Rivers calls for Bush political ads to be pulled

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(Host) President Bush’s new television campaign ads are becoming an issue in Vermont politics. Cheryl Rivers, a Democratic candidate for lieutenant governor, says the use of footage from the September eleventh terrorist attacks in the political ads is “morally unconscionable.” She’s calling on Vermont Republican leaders to urge the president to pull these ads.

VPR’s Bob Kinzel reports.

(Kinzel) The president’s new TV ads feature brief scenes at Ground Zero in New York City. There are shots of the charred skeleton framework of the World Trade Towers and there’s a picture of firefighters carrying a flag draped body on a stretcher.

The ads have become very controversial. Some relatives of the victims have denounced them while others say the ads are in good taste and highlight the president’s leadership on national security issues.

Rivers says footage from the September 11 attacks should never be used in campaign advertisements. She called on Governor Jim Douglas and Lieutenant Governor Brian Dubie – as co chairs of the Bush Re-election committee in Vermont – to urge the president to stop running these spots:

(Rivers) “This was an American tragedy, not a Republican one. And the images in these ads are not of the president’s response but of the destruction and sorrow of that horrible day. And they’re intensely personal images to all of us and much so for the families of the fallen and the firefighters. So I believe it is simply inappropriate for any politician to try and make political hay out of the national tragedy.”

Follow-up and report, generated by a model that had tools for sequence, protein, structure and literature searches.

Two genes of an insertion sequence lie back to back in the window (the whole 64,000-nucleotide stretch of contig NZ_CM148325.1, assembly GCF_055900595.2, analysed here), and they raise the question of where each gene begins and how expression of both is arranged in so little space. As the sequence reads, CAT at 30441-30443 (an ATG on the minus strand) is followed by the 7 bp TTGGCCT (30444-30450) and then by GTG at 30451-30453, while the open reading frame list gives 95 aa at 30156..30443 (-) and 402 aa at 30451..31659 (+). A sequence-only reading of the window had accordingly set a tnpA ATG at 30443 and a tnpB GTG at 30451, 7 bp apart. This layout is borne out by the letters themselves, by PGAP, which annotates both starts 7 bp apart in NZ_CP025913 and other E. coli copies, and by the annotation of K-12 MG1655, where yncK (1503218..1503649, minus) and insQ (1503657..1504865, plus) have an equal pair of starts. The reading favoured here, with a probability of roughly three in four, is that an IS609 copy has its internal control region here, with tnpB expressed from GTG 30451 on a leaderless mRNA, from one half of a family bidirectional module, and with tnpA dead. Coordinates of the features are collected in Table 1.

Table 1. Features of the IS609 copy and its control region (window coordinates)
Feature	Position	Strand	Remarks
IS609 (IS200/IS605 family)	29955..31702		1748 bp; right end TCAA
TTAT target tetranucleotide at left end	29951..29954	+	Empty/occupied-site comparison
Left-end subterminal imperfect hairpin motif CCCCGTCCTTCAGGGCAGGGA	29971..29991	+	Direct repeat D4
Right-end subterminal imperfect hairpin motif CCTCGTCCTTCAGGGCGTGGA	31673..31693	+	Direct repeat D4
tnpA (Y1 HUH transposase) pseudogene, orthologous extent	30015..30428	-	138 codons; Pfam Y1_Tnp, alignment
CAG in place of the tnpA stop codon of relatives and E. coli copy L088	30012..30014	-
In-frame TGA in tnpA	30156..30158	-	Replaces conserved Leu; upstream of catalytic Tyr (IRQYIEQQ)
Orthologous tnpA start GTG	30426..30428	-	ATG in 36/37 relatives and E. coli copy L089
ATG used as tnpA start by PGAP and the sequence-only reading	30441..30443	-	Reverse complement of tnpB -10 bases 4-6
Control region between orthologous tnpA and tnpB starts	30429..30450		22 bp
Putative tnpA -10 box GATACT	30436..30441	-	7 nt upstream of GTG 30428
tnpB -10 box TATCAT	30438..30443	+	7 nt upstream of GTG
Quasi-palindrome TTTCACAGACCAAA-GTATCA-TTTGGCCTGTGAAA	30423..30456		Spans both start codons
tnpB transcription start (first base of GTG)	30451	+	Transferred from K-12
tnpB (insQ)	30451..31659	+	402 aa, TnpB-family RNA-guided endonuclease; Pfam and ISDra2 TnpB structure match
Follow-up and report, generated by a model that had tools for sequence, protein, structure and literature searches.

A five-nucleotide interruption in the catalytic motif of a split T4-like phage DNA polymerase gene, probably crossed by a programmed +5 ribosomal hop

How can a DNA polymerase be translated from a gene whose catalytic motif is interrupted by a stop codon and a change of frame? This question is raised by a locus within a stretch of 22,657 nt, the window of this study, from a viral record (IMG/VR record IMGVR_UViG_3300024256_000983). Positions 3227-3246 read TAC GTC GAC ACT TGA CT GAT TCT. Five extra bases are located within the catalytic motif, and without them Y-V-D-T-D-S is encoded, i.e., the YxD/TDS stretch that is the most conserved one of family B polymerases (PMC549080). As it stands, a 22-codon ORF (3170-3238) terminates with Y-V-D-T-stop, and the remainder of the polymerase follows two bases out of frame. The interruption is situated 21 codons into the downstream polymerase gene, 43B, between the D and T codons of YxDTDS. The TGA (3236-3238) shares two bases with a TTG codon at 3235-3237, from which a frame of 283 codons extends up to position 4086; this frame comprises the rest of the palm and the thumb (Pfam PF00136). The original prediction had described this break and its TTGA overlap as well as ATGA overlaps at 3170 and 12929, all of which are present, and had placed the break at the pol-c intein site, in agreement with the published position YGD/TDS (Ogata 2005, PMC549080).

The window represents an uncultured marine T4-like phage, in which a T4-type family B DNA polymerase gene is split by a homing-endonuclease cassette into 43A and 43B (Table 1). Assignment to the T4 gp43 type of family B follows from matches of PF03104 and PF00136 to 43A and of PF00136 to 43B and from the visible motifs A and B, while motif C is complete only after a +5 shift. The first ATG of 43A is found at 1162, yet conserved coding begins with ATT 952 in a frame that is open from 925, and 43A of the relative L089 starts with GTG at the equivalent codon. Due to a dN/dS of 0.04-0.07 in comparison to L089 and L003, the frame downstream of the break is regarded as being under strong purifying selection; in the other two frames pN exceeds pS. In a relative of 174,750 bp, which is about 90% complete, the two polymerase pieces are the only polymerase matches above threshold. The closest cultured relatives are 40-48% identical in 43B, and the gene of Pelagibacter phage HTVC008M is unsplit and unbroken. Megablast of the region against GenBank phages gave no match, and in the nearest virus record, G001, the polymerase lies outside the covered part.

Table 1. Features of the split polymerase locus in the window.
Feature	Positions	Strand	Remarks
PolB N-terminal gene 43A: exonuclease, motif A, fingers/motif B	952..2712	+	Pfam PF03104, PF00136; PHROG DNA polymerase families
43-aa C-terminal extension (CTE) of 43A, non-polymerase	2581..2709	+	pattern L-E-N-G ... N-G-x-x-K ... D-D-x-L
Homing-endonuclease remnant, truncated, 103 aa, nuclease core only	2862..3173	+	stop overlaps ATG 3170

(Kinzel) Dubie has some direct experience with the September 11 attacks. He helped organize the distribution of materials and equipment that were needed in the aftermath of the attacks, and he knew the pilot who’s plane was crashed into the Pentagon. Dubie says he hasn’t seen the ads but he had nothing but praise for the way that the president handled the situation in New York in the days following the attacks:

(Dubie) “But I was in New York City when President Bush came and thanked me and thousands of rescue workers, firefighters there. I met President Bush at Ground Zero. His physical presence there made a huge impact to not only myself but the other thousands of rescue workers.”

(Kinzel) It’s not clear if Dubie plans to be a candidate for re-election. He said on Friday that he hasn’t made a final decision about seeking a second term in office.

For Vermont Public Radio, I’m Bob Kinzel in Montpelier.

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